Writing a Book is Only One Step on Self-Published Authors’ Book Selling Journey, Says Professional Book Consultant

by Karen Jonson

Authors Must Become Business People and View Their Books as Products to Become Successful

Colorful Book

There is a lot authors have to do to sell their books once the writing is done. Thinking like a business person and realizing your book is a product helps the book selling process considerably.

To sell books, self-published authors need to view their books as products, think like businesspeople, and overcome any mental blocks holding them back from success.

That’s just some of the advice Hannah Hempenstall shared in a question and answer session with me recently. Hanna is a book coach from Sidney, Australia. Her services range from editorial assessments, to structural editing, to mentoring authors on the book marketing process.

I asked Hannah several questions important to self-published authors. Her answers are enlightening, and offering self-published authors valuable advise for moving more effectively toward their book publishing goals.

Q. You’ve said that authors should treat their books as products. What do you mean?

A. If they choose to self-publish, it’s wise for authors to think of their books as the first step to starting a business. A book is a product that authors will need to sell.

Helping self-published authors realize that they are actually creating a product when they write a book is vital. It’s such a wake up call whenever I explain this to the authors I work with. And it really helps them realize the difference in becoming a selling author as opposed to writing a book that nobody might ever read.

It comes down to taking ownership, which is why I always start a conversation with an author by asking about the motivation for writing his or her book.

Q. What are authors’ primary motivations for writing their books in your experience?

A. Most of the authors I speak to have a greater mission – they want their words to help people. However, they also usually have a secondary desire to make money, which many authors don’t admit at first. In my opinion, if you don’t want to make money, I wonder why they are going to the effort to write and publish a book.

Q. How do their answers about their motivation impact the advice you give authors?

A. I specialize in the self-help genre, so knowing how authors want to help others is vital.

However, I also need them to tell me what makes their book different. Listening to their conviction when they discuss their subject matter is the greatest indicator of whether they can make it as an author or not.

Also, I spend a lot of my time listening for emotional cues that, if unblocked, could see them soar to heights they didn’t even know they could reach.

Q. What fears do first-time authors face?

A. That’s a great question because I think fear is at the root of every first-time author’s journey. Generally, they are scared that nobody will read their book and that their writing is not good enough.

A large part of what I do is coaching and mentoring authors to be able to own their gifts and become confident in what they’re doing. That may mean spending some more time improving their craft, or it can be as simple as helping them over come a belief that they’re not good enough.

Q. What is the first step to creating a successful book-based business, in your opinion?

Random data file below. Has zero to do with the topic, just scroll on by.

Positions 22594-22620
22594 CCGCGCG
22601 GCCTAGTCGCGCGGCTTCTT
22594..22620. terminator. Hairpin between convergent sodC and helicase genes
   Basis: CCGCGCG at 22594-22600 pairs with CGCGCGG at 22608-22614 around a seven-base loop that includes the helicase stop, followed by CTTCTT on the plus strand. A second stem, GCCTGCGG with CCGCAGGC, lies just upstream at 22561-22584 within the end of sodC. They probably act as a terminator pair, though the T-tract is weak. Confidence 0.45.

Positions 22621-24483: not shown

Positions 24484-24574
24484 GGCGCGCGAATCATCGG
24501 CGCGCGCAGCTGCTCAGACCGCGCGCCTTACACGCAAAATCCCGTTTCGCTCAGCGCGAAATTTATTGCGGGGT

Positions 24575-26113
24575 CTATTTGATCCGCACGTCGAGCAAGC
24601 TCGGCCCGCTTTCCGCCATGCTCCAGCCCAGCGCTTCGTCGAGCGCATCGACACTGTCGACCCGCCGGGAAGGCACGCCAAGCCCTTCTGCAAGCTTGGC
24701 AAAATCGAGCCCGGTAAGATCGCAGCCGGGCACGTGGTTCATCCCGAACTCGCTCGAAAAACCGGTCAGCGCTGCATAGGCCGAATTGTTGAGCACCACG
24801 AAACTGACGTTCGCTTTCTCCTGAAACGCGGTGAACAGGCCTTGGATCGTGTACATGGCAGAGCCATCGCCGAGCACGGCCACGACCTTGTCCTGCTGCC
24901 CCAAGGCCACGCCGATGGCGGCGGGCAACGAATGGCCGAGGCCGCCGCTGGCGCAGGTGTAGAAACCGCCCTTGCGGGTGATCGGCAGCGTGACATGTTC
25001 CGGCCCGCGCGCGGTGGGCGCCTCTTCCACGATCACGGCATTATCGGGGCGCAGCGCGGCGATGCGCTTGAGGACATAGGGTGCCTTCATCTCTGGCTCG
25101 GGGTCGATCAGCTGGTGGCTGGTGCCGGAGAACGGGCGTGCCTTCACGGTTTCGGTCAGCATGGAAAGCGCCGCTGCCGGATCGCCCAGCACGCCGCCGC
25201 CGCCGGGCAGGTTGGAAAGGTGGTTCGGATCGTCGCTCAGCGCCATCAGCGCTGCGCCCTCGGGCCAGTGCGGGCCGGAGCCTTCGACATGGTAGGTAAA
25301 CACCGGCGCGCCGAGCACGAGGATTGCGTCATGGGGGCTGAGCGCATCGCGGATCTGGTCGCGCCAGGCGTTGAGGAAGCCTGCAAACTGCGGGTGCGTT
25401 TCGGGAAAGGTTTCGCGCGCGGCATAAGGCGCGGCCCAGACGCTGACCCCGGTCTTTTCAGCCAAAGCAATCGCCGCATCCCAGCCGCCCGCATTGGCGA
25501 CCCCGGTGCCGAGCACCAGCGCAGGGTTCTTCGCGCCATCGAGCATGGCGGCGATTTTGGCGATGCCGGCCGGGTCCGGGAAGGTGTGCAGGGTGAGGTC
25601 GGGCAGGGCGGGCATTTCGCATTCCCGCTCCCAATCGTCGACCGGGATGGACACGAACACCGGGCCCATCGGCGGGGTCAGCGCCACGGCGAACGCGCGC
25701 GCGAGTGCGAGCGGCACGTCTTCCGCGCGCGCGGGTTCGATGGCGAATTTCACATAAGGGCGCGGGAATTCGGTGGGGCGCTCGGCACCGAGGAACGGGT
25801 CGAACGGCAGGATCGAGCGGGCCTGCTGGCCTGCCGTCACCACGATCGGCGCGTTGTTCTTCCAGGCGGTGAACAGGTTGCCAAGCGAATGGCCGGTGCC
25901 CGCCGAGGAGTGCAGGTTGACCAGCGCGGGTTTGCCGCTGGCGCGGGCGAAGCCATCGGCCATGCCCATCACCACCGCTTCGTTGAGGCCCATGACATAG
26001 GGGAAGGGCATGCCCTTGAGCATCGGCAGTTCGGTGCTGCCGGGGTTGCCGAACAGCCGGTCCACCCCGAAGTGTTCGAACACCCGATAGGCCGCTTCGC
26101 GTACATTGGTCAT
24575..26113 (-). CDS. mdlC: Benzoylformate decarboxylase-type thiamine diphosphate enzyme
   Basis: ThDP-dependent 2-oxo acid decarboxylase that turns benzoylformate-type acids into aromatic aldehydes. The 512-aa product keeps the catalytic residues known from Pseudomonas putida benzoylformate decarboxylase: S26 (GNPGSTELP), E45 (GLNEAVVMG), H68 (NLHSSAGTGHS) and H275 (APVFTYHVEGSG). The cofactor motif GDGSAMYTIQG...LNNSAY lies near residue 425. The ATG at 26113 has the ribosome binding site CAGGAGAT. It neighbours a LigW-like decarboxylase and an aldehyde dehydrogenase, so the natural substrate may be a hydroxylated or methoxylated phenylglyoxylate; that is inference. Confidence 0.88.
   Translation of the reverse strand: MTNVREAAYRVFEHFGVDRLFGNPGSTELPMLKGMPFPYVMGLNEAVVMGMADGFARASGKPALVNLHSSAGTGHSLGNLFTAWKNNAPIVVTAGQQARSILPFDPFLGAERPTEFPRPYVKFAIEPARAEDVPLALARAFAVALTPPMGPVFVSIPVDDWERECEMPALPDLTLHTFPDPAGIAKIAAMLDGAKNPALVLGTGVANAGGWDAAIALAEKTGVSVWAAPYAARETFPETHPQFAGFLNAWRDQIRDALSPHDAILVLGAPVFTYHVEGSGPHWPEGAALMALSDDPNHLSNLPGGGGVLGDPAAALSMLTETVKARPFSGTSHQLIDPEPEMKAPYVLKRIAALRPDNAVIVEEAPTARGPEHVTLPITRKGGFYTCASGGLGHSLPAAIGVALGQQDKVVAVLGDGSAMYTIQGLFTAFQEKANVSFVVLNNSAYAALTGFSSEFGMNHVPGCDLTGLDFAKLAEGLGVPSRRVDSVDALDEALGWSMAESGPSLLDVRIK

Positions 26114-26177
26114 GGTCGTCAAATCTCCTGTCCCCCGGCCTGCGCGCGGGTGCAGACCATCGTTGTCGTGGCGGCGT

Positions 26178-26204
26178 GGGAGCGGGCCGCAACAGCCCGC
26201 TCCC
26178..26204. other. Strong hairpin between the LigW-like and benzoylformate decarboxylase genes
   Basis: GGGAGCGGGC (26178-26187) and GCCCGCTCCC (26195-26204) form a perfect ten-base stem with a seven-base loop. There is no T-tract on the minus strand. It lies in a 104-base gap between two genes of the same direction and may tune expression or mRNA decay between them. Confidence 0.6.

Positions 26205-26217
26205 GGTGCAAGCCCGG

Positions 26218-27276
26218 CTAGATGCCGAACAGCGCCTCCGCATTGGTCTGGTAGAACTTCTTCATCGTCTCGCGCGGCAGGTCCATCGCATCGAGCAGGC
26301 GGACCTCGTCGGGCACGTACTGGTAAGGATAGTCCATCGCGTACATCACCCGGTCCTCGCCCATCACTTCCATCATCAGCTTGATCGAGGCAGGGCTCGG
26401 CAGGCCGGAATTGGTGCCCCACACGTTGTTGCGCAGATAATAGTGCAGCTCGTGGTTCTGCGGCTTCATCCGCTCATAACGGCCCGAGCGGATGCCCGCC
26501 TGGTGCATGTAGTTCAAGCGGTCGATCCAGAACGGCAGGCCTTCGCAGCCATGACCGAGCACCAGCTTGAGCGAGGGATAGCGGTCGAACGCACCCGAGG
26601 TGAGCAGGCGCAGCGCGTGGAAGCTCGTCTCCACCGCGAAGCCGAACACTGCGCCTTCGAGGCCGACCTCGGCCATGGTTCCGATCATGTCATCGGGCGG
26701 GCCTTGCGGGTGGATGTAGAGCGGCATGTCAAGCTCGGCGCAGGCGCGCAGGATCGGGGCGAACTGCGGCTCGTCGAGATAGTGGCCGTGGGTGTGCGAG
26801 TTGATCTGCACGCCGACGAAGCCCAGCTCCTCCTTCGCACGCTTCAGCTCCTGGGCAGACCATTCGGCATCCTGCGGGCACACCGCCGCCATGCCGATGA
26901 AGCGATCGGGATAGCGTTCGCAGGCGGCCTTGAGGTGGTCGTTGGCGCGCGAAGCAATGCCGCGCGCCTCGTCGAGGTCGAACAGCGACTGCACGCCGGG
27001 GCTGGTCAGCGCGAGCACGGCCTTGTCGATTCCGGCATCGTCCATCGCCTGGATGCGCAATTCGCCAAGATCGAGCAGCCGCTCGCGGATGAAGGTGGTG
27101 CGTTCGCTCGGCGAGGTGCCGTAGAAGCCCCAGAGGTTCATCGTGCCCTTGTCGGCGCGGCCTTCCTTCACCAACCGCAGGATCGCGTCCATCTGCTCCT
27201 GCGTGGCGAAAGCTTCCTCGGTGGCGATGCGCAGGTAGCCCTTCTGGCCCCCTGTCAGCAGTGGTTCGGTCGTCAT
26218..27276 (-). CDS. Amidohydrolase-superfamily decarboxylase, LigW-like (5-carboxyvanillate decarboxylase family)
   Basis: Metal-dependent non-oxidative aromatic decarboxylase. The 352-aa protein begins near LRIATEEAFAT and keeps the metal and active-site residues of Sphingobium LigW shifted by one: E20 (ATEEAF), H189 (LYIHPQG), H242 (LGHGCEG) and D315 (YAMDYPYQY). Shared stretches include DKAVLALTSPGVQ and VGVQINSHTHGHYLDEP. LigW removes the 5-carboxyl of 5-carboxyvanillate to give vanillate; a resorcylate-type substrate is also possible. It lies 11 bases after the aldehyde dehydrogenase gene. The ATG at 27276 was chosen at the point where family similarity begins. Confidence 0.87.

A. Authors need to know whom they are going to sell their books to. One of the key messages I drum into the authors I work with is to know their audience.

I ask them who are you writing for? Not only does knowing the answer make writing easier, but also it helps authors understand that no matter how great their book is, if nobody finds it and reads it, they may as well shred their manuscript and throw it in the fire.

Q. What’s the next step?

A. Then they need to determine how they will reach their potential readers; in other words, they need to market. Writing is 20 to 30 percent of the book publishing process and marketing is the rest.

In the world of self-publishing (and often traditional publishing), marketing a book is up to author, and that means they need to know who they can sell it to, find those people, connect with them, then introduce them to their books.

That’s not an easy job. It takes time, effort, and dedication. Today, even the traditional publishers’ marketing plans for unknown authors are slim.

Q. Do traditional publishers offer authors enough marketing?

A. In my experience, marketing plans are very brief, especially for first-time mid-list authors.

If you’re already successful then money will be spent publicizing your book, because the publishers know they can recoup money spent on marketing.

But first-time authors and mid-weight authors are a higher risk and, just like any smart business model, a smaller marketing budget will be allocated. This is commonly why new authors find it so hard to get picked up by publishing houses. The cost of producing a book is huge, so factors such as your public profile, as well as the quality of your book, will be taken into account. If a publisher isn’t able to guarantee a return on what it costs to produce your book, they have to make a business decision, which is why they often say no.

Q. What should new self-published authors do to market their books?

A. In today’s book marketing game, social media is a must. I cannot say this enough. If you shy away from Facebook and Twitter, then you’re missing out on a valuable market for your book. Blogging is another must.